Toxicology in vitro : an international journal published in association with BIBRA

Cytoprotective effect of arjunolic acid in response to sodium fluoride mediated oxidative stress and cell death via necrotic pathway.

PMID 18845235


The present study was conducted to investigate the role of arjunolic acid (AA) against sodium fluoride (NaF)-induced cytotoxicity and necrotic cell death in murine hepatocytes. Dose-dependent studies suggest that incubation of hepatocytes with NaF (100mM) for 1h significantly decreased the cell viability as well as intracellular antioxidant power. Besides, NaF administration increased the activities of the membrane leakage enzymes and accumulation of intracellular reactive oxygen species; decreased the activities of the antioxidant enzymes, the glutathione (GSH) and total thiol contents; and elevated the level of oxidised glutathione (GSSG), lipid peroxidation end products as well as protein carbonyl content. In addition to the oxidative impairments, fluoride exposure caused hepatic cell death mainly via the necrotic pathway as supported by the flowcytometric and DNA fragmentation analyses. Incubation with AA (100 microg/ml) both prior to and in combination with NaF almost normalized the altered activities of antioxidant indexes. AA treatment enhanced the cellular antioxidant capability and protected hepatocytes against NaF-induced cytotoxicity and necrotic death. The cytoprotective activity of AA was found to be comparable to that of a known antioxidant, vitamin C. Combining, data suggest that AA plays a protective role against NaF-induced cellular damage and prevents hepatocytes from necrotic death.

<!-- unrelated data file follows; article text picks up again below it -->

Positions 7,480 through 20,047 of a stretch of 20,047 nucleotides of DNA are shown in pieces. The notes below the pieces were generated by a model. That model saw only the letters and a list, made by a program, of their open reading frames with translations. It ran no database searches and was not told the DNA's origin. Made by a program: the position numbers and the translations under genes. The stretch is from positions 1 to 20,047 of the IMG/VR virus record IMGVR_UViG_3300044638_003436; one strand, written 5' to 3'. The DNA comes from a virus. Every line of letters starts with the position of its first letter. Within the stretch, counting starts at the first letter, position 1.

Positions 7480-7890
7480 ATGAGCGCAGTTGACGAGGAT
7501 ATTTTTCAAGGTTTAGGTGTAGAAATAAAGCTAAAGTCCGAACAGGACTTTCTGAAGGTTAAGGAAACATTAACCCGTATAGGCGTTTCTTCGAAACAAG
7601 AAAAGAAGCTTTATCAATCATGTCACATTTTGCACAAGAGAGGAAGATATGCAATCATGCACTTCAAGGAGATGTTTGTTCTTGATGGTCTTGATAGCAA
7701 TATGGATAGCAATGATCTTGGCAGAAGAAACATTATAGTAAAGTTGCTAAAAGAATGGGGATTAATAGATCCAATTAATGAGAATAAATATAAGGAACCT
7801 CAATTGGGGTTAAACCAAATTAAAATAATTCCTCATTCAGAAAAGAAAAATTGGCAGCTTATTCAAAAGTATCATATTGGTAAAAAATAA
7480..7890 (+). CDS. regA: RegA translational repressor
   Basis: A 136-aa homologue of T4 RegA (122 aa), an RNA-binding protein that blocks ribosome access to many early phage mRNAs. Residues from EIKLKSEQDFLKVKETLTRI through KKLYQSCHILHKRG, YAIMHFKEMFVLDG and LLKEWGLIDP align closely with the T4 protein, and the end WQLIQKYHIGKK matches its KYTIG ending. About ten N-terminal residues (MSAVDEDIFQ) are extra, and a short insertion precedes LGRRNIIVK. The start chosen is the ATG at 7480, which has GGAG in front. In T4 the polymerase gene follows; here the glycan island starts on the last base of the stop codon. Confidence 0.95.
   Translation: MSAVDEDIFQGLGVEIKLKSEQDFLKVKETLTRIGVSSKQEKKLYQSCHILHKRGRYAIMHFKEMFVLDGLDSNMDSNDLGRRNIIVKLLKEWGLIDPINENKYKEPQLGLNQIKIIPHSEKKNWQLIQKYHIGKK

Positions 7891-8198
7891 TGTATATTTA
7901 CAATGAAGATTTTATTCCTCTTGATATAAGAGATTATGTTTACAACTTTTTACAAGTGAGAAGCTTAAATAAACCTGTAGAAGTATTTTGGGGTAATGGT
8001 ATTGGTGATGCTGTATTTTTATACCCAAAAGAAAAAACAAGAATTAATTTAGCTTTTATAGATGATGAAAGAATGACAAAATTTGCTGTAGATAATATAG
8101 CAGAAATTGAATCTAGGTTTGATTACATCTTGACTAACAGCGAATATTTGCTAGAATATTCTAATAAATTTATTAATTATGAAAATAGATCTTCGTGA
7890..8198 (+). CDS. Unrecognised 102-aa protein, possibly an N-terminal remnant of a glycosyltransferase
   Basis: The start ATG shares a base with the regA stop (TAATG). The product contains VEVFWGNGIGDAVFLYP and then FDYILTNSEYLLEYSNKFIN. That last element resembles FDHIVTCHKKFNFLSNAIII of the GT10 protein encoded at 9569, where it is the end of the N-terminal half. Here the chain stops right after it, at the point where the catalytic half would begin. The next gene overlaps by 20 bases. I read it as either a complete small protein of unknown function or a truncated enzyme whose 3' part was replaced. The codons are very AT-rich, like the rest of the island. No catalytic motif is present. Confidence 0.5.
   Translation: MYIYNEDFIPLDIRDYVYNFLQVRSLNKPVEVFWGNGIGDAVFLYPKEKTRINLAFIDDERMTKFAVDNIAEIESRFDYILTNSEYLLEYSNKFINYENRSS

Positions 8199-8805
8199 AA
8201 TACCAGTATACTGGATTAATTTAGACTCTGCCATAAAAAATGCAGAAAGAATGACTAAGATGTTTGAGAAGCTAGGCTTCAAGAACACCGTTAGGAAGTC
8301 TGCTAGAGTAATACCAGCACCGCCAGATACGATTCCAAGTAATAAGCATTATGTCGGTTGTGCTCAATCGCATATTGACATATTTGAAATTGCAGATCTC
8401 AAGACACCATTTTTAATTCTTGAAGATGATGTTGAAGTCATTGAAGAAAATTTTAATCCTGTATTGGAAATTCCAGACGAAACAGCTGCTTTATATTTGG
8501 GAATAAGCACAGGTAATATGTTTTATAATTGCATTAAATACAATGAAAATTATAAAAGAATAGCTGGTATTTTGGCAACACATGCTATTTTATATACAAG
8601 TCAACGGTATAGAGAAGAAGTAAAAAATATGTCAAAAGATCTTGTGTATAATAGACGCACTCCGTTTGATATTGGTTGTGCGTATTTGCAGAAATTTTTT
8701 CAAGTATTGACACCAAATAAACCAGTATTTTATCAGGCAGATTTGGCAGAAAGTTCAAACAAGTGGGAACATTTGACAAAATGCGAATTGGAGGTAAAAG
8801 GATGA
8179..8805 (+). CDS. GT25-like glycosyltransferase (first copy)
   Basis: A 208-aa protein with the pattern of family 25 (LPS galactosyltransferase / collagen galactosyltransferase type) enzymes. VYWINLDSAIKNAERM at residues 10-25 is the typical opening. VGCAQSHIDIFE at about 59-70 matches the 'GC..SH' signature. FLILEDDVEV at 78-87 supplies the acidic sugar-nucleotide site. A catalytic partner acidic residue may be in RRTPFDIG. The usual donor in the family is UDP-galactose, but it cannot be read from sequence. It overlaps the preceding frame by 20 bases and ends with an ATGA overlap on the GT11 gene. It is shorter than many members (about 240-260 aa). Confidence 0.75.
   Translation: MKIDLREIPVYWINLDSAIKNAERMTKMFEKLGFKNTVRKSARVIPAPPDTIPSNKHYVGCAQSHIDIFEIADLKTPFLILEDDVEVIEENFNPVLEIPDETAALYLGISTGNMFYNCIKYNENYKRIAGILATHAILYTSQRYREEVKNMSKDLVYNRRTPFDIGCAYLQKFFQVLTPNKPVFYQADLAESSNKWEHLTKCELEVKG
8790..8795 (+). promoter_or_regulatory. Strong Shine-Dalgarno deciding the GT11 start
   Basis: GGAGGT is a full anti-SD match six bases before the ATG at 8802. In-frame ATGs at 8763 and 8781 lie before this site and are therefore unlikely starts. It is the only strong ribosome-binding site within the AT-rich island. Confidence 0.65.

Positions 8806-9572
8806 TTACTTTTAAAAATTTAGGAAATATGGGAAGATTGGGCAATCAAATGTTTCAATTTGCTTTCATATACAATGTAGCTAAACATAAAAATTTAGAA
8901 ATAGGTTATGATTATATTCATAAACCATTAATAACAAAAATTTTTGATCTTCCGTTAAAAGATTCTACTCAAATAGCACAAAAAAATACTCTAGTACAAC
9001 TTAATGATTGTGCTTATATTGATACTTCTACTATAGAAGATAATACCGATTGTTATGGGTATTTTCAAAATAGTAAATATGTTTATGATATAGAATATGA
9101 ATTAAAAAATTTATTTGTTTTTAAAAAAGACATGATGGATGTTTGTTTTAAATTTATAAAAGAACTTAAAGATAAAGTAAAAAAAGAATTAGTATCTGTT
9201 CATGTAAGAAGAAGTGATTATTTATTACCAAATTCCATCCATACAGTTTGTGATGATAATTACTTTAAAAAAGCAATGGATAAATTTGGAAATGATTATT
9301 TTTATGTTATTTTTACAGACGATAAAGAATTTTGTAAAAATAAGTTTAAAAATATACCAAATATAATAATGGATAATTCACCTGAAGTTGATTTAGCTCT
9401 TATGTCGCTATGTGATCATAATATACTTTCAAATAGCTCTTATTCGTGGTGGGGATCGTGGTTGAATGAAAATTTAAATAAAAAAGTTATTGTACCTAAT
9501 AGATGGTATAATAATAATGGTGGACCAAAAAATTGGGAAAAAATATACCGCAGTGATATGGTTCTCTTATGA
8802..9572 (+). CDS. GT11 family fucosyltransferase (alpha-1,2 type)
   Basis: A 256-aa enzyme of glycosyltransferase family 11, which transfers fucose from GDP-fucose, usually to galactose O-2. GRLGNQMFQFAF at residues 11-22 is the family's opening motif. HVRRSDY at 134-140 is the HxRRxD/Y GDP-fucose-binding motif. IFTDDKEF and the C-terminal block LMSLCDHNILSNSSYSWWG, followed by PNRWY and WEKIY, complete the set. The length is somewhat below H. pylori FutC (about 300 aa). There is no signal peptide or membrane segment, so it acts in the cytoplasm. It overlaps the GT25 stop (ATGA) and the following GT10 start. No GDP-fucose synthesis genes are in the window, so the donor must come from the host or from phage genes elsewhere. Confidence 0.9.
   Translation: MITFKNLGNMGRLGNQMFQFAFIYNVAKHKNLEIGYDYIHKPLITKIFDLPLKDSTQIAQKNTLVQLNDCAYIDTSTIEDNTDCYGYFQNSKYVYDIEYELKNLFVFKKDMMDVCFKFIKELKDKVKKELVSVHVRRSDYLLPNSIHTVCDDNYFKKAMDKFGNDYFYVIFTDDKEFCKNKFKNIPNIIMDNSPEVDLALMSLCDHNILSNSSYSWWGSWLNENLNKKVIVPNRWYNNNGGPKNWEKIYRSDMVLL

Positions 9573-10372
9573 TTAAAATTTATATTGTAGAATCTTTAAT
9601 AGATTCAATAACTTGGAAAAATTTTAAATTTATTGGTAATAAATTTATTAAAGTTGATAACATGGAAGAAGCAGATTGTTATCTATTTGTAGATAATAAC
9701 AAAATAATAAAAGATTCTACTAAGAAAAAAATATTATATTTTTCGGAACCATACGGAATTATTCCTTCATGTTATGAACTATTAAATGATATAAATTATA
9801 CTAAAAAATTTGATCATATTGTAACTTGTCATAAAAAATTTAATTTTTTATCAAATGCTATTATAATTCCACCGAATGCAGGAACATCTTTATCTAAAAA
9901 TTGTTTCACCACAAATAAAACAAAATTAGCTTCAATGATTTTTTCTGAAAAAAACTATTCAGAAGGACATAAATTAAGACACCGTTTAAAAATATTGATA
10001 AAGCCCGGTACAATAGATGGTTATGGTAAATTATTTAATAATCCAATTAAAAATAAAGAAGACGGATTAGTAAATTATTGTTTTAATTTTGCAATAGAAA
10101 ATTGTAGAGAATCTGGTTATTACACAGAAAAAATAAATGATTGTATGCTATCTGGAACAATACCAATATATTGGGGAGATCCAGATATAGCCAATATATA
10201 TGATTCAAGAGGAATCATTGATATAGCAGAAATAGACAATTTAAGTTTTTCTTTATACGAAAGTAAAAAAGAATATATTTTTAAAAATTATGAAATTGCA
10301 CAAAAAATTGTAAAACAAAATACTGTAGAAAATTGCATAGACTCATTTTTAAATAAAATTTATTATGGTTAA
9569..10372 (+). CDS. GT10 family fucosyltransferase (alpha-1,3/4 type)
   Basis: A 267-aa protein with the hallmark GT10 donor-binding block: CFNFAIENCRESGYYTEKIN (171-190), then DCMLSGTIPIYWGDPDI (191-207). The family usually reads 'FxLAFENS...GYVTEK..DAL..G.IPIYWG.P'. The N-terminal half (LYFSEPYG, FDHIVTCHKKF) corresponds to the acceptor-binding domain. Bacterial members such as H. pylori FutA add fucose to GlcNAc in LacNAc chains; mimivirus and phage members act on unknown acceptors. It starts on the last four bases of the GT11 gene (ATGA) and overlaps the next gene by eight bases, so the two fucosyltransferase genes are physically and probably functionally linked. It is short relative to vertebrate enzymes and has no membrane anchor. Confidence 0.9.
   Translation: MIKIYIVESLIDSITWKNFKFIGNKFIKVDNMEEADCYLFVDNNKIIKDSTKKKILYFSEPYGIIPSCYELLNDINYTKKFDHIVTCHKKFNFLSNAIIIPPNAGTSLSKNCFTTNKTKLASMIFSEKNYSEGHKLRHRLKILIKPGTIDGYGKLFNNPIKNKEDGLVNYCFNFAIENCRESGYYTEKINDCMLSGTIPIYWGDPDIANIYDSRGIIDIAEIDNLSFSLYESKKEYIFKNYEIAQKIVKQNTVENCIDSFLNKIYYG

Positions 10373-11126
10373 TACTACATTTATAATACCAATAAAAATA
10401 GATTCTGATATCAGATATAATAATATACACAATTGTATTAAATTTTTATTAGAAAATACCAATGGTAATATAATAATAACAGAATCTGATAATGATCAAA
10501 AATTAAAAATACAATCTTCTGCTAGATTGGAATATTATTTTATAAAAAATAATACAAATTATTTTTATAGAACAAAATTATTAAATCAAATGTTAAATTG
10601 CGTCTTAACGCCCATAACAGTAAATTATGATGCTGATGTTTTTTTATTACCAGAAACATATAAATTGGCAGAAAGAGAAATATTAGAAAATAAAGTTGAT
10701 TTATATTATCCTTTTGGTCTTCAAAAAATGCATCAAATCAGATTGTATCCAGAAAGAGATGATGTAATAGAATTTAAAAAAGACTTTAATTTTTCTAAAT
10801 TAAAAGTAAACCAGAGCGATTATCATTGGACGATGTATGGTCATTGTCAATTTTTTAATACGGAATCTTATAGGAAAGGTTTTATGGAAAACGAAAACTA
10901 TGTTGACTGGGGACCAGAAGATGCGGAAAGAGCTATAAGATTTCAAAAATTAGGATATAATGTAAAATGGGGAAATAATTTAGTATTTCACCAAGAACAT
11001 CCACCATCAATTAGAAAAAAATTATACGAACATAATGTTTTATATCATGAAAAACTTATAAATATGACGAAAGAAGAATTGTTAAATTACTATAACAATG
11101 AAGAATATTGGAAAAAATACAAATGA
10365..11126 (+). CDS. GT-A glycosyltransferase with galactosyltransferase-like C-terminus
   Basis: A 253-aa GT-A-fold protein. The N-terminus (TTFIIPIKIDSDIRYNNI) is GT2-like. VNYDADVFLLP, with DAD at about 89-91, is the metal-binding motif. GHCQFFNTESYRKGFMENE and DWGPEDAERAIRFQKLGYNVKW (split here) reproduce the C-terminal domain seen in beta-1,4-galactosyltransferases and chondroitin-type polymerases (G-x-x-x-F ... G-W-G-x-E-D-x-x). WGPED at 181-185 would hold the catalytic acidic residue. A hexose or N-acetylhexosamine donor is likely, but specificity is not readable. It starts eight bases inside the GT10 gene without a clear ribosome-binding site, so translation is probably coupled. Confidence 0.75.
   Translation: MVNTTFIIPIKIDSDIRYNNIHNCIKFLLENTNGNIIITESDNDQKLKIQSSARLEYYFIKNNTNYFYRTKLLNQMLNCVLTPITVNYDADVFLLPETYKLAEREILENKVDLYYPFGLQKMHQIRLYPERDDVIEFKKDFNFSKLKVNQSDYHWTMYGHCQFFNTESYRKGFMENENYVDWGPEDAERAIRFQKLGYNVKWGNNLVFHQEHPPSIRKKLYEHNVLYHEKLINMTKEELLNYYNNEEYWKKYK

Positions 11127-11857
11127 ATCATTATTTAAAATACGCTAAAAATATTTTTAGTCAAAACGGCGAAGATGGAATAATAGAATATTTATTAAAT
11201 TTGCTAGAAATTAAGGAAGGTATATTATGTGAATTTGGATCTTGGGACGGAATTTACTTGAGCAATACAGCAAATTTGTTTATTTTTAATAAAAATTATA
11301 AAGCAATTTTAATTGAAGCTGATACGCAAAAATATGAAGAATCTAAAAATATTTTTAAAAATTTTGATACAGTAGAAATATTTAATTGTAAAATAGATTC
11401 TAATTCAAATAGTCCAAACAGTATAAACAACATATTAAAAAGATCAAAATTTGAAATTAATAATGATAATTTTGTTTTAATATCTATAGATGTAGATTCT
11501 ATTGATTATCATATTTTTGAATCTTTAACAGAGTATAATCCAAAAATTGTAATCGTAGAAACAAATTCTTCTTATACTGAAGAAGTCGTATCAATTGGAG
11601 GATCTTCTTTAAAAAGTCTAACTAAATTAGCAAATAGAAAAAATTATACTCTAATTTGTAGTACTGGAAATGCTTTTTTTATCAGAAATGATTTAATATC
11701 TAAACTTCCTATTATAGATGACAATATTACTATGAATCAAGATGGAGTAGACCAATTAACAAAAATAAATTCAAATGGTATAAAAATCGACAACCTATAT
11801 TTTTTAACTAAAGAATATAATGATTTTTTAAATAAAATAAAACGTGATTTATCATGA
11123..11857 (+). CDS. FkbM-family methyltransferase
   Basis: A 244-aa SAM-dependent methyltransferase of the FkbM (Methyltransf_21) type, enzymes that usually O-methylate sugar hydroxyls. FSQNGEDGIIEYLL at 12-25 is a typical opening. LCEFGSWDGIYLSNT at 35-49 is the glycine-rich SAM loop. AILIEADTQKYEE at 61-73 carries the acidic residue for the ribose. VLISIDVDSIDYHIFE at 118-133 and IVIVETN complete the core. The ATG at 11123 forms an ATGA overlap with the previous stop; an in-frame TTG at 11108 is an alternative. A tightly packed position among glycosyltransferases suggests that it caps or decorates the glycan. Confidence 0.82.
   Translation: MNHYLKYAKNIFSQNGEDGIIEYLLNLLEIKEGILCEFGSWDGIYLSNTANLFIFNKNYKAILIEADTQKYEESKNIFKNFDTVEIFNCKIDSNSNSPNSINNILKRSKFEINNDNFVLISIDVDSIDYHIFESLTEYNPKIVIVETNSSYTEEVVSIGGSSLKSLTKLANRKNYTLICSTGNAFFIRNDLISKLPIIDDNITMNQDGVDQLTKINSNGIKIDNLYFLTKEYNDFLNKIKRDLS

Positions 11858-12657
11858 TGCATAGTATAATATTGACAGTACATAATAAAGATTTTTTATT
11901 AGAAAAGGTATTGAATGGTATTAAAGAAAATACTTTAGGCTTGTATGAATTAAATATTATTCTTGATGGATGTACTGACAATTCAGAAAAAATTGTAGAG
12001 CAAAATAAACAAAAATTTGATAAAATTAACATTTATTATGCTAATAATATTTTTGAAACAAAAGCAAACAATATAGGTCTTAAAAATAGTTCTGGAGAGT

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Arjunolic acid, ≥95% (LC/MS-ELSD)